Updated: 2012-11-21 10:11
By Xu Jingxi (China Daily)
The theater performance Moving World is part of a project of public education about earthquakes in Kocaeli, Turkey. Photos Provided to China Daily
People in Malawi participate in the Lilongwe-Johannesburg cities mentorship program, which won The Guangzhou International Award for Urban Innovation.
China is at the forefront in trying to tackle problems of urbanization, say experts who attended the inaugural Guangzhou International Award for Urban Innovation recently. Xu Jingxi reports in Guangzhou.
China is trying to build green cities, provide good, cost-effective public transport and set a good example for other Asian countries, according to Peter Woods, emissary of Asia Pacific Regional Section of United Cities and Local Governments.
He says the world's second largest economy is also showcasing its determination to tackle the uneven distribution of wealth and overcrowded big cities.
Woods, the retired secretary-general of the agency, was in Guangzhou recently to attend a series of events under The Guangzhou International Award for Urban Innovation, an award established this year and co-organized by the Guangzhou government, World Association of Major Metropolises and UCLG.
In Woods' opinion, Asian economies are still growing strongly, while Europe, the US and many other economies are in a very difficult situation. But he pointed out that even as Asian countries get stronger economically, there won't be an equitable distribution of wealth unless they are very careful.
"In some Asian countries, the rich are getting richer while the poor are facing difficulties with inflation and not keeping up with the standard of living that is expected with an improved economy," says Woods.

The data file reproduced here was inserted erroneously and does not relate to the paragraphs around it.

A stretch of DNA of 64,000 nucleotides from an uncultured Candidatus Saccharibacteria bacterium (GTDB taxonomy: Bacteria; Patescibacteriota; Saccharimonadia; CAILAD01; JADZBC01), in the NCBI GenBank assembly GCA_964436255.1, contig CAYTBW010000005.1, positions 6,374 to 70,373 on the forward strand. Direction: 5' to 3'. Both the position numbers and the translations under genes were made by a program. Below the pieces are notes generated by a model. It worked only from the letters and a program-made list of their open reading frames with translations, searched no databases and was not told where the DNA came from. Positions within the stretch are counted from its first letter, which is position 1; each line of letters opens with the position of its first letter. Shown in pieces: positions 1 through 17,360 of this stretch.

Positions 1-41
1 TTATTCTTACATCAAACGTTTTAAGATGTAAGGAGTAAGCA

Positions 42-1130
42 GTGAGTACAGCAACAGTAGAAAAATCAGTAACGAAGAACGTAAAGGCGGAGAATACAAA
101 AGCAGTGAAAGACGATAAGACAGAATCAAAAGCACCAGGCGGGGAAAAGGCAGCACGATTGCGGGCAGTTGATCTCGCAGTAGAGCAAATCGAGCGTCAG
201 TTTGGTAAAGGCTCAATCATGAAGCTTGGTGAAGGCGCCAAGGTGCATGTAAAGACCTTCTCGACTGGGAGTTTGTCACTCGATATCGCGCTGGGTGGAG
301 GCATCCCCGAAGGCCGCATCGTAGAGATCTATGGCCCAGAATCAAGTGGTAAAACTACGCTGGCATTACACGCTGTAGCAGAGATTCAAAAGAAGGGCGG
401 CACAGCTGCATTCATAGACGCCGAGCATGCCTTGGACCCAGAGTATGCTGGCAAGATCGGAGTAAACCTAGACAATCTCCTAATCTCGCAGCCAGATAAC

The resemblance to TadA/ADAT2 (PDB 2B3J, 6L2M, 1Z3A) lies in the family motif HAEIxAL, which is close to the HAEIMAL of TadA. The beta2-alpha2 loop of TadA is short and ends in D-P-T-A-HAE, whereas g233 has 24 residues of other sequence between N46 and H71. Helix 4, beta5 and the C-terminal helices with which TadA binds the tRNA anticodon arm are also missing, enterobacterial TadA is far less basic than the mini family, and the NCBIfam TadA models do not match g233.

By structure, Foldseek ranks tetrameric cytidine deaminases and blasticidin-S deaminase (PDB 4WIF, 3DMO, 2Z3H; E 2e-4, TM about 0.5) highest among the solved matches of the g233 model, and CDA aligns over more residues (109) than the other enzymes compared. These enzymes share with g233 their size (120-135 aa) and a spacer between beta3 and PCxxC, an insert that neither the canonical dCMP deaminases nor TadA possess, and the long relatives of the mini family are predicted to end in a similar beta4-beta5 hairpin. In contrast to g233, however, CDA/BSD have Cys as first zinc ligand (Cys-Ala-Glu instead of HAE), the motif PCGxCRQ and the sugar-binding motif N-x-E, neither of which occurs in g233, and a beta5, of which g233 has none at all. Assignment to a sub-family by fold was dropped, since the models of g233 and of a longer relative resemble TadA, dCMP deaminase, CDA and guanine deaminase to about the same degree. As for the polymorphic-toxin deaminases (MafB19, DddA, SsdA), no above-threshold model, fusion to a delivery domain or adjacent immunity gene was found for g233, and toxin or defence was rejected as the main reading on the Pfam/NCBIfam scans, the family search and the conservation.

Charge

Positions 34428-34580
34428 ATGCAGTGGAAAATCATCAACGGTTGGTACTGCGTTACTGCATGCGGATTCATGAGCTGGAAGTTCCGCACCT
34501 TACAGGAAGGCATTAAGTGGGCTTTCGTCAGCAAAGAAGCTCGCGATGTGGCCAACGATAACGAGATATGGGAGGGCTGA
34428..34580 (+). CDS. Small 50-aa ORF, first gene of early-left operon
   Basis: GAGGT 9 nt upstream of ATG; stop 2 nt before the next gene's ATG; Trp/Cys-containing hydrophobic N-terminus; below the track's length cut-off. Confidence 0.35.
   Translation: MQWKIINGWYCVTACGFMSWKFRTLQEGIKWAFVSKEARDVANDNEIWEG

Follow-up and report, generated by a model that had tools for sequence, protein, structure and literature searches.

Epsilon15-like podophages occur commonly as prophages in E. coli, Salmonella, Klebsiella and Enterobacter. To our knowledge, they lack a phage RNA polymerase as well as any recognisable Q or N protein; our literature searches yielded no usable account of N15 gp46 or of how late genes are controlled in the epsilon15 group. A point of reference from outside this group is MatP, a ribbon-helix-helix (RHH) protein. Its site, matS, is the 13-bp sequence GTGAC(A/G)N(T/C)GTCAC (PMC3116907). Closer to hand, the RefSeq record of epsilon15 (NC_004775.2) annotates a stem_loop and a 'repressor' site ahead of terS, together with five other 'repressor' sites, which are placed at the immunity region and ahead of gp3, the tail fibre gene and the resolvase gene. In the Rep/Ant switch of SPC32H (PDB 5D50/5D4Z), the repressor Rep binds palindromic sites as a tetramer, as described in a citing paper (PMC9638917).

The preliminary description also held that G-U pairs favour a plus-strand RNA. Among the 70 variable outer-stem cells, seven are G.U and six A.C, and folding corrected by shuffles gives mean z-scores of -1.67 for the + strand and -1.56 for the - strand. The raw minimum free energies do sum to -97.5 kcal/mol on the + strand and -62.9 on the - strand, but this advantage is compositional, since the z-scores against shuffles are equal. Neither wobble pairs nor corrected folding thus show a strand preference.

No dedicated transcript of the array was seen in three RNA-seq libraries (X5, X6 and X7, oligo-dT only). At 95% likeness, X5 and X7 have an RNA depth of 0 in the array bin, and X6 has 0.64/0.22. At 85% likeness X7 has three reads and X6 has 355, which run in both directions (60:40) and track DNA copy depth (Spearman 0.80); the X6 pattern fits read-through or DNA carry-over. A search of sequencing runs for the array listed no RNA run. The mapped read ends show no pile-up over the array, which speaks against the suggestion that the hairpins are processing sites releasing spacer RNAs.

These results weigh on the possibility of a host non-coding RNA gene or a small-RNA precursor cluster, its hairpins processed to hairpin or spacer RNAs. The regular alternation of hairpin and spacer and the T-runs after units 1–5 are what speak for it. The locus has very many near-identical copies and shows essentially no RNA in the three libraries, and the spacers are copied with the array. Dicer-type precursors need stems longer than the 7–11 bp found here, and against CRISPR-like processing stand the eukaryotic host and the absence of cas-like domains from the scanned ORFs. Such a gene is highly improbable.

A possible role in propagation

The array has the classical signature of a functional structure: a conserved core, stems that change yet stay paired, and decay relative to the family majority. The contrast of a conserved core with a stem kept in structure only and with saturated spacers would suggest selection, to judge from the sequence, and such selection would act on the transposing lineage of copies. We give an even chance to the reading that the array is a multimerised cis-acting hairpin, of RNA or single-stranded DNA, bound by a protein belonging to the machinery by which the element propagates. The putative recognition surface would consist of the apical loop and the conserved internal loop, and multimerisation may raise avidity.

He describes this phenomenon as common in places like India, Indonesia, Vietnam and other economies in Asia. China is concerned with a similar problem but the government of China and the Party have made it "clear and public" that they want to work strongly to overcome the difficulties, he says.
"The national CPC meeting in Beijing very recently shows that the government of China has recognized that this is an issue that must be addressed and that there must be mechanisms to ensure the wealth is distributed more evenly," adds Woods, who emphasizes the importance of a tax system that redistributes the wealth from the rich to the poor.
Altogether 153 cities from 56 countries and regions entered a total of 255 projects to compete in the Guangzhou award this year. Many of these projects offer new approaches to building green cities.
The five winners this year are the public education project about earthquake in Kocaeli, Turkey; the Lilongwe-Johannesburg cities mentorship program in Lilongwe, Malawi; the project tackling youth Internet addiction in Seoul, South Korea; the project of building the greenest city by 2020 in Vancouver, Canada; and the project about producing and using renewable energies in Vienna, Austria.
Alain Le Saux, secretary general of the Metropolis, believes that sharing innovative projects and experiences is an effective way for worldwide cities to learn from each other and help solve similar problems.